Famous Figures and Diagrams in Economics
Show Less

Famous Figures and Diagrams in Economics

Edited by Mark Blaug and Peter Lloyd

This is a unique account of the role played by 58 figures and diagrams commonly used in economic theory. These cover a large part of mainstream economic analysis, both microeconomics and macroeconomics and also general equilibrium theory.
Buy Book in Print
Show Summary Details
You do not have access to this content

Chapter 9: The Product Exhaustion Theorem

Cassey Lee


Cassey Lee There are many mathematical theorems that are associated with Leonhard Euler (1707–1783), one of the greatest mathematicians. One in particular found its way into economics, namely Euler’s work on homogeneous function of the first degree, which was applied in the theory of factor pricing and income distribution. In the 1880s, following Ricardo’s theory of rent, Clark (1889, 1891, 1899, 1901), P. Wicksteed and Wicksell argued that any variable factor input is paid its marginal product (Blaug 1997). This led to the formulation of the ‘Product Exhaustion Theorem’ which states that the total product is exhausted if each factor input is paid its marginal product. Wicksteed (1894) provided an early mathematical expression of the theorem but did not relate it to Euler’s work (Stigler 1941, fn.1, p.326). It was A.W. Flux (1894) who pointed out the theorem’s association with Euler’s work. Aside from the importance of the theorem to factor pricing, it is also widely used as a basis for a marginal productivity theory of income distribution. The simplest way to illustrate the theorem is by using a two-factor model. At the core of the theorem is an assumption that factor inputs such as labor (L) and capital (K) are each paid a price (PL and PK, respectively) that is equal to the value of its marginal product (MPL and MPK, respectively). If we assume that the total revenue (PQ # Q) collected from the sale of a product is equal to the total cost of production, we...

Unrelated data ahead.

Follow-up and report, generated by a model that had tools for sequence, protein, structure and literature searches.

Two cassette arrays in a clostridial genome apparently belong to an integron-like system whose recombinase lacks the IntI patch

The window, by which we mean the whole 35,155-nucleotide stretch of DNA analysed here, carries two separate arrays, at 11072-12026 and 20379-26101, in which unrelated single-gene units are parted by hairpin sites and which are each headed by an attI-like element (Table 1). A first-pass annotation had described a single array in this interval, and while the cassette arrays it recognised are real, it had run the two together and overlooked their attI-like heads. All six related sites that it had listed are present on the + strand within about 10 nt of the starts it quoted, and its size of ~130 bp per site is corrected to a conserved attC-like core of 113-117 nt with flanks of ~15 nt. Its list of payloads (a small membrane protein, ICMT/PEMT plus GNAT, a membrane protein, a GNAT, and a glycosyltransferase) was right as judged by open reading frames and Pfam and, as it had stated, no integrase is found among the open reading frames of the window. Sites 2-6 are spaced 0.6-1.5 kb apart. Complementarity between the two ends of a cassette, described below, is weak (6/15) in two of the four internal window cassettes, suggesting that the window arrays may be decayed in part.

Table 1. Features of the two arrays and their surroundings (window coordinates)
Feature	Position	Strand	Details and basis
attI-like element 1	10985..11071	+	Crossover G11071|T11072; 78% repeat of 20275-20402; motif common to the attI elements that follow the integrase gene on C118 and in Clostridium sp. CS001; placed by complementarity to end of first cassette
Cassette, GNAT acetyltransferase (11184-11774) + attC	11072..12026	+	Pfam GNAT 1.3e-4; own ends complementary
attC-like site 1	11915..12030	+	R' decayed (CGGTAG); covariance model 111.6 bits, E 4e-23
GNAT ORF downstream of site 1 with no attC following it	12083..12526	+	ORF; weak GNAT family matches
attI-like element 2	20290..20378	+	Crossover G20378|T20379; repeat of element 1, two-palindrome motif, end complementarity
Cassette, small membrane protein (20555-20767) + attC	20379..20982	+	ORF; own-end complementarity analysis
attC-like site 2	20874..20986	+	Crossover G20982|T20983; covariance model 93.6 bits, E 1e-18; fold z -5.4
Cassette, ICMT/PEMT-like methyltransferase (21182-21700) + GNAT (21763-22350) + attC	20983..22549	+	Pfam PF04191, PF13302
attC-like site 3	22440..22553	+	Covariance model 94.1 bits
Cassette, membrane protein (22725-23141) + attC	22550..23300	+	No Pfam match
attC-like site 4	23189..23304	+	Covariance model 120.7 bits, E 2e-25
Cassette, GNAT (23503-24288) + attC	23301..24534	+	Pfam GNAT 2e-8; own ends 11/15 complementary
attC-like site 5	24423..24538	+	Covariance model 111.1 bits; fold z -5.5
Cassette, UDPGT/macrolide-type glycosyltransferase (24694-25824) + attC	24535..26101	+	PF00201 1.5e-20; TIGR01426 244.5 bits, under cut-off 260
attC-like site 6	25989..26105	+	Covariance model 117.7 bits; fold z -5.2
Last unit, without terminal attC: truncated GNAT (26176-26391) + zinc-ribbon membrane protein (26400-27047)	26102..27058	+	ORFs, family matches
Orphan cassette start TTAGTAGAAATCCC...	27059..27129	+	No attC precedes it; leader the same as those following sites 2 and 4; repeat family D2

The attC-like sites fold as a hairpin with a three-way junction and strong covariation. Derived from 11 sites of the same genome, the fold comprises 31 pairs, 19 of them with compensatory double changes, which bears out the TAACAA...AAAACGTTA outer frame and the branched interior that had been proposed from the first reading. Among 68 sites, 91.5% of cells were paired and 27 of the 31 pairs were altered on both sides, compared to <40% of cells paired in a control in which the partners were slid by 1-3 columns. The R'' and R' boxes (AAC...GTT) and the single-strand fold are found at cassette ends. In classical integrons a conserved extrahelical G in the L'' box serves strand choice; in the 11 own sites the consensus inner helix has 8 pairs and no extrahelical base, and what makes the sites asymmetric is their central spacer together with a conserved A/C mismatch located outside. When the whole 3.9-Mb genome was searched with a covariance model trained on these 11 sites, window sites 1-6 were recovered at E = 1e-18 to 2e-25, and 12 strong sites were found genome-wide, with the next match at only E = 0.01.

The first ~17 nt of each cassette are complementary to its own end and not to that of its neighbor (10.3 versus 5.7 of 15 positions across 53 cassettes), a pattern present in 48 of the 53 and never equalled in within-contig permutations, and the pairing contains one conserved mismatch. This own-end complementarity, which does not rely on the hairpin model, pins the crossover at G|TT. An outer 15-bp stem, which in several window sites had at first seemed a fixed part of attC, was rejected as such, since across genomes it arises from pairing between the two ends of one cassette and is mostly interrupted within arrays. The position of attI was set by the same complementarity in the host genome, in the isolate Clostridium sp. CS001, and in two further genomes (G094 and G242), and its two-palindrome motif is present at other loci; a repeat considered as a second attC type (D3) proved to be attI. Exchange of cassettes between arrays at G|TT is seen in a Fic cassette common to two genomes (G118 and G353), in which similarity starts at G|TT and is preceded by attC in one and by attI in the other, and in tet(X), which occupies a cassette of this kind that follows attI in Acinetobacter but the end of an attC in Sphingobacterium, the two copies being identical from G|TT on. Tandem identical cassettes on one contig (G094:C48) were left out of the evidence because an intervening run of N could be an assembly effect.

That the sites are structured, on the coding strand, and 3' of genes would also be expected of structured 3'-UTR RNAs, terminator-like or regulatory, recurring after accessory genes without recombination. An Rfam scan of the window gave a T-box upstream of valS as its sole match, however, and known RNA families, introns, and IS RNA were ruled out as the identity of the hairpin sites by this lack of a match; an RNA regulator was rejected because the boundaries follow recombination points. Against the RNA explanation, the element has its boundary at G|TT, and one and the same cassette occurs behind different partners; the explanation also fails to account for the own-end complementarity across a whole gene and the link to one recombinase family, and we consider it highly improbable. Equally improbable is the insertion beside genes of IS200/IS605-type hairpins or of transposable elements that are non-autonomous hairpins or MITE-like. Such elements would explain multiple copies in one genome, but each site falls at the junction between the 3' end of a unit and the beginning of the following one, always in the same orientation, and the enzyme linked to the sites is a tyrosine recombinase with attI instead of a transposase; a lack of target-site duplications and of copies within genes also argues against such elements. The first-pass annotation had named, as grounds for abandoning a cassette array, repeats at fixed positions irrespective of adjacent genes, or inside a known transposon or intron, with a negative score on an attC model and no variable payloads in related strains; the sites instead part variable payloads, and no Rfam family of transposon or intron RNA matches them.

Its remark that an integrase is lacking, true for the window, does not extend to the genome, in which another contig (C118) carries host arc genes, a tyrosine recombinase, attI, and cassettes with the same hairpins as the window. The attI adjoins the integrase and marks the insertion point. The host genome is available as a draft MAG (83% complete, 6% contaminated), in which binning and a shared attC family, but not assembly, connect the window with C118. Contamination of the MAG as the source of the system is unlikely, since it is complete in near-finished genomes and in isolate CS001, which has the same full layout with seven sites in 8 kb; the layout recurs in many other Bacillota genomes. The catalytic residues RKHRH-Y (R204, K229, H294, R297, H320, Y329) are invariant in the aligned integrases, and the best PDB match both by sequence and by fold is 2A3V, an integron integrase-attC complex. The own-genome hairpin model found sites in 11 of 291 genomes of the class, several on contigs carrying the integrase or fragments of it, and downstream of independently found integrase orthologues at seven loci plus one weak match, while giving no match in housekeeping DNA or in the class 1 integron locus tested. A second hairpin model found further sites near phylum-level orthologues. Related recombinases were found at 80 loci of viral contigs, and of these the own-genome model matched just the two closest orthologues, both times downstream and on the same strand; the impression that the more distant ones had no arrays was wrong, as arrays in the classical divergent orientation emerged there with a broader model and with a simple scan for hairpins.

You are not authenticated to view the full text of this chapter or article.

Elgaronline requires a subscription or purchase to access the full text of books or journals. Please login through your library system or with your personal username and password on the homepage.

Non-subscribers can freely search the site, view abstracts/ extracts and download selected front matter and introductory chapters for personal use.

Your library may not have purchased all subject areas. If you are authenticated and think you should have access to this title, please contact your librarian.

Further information

or login to access all content.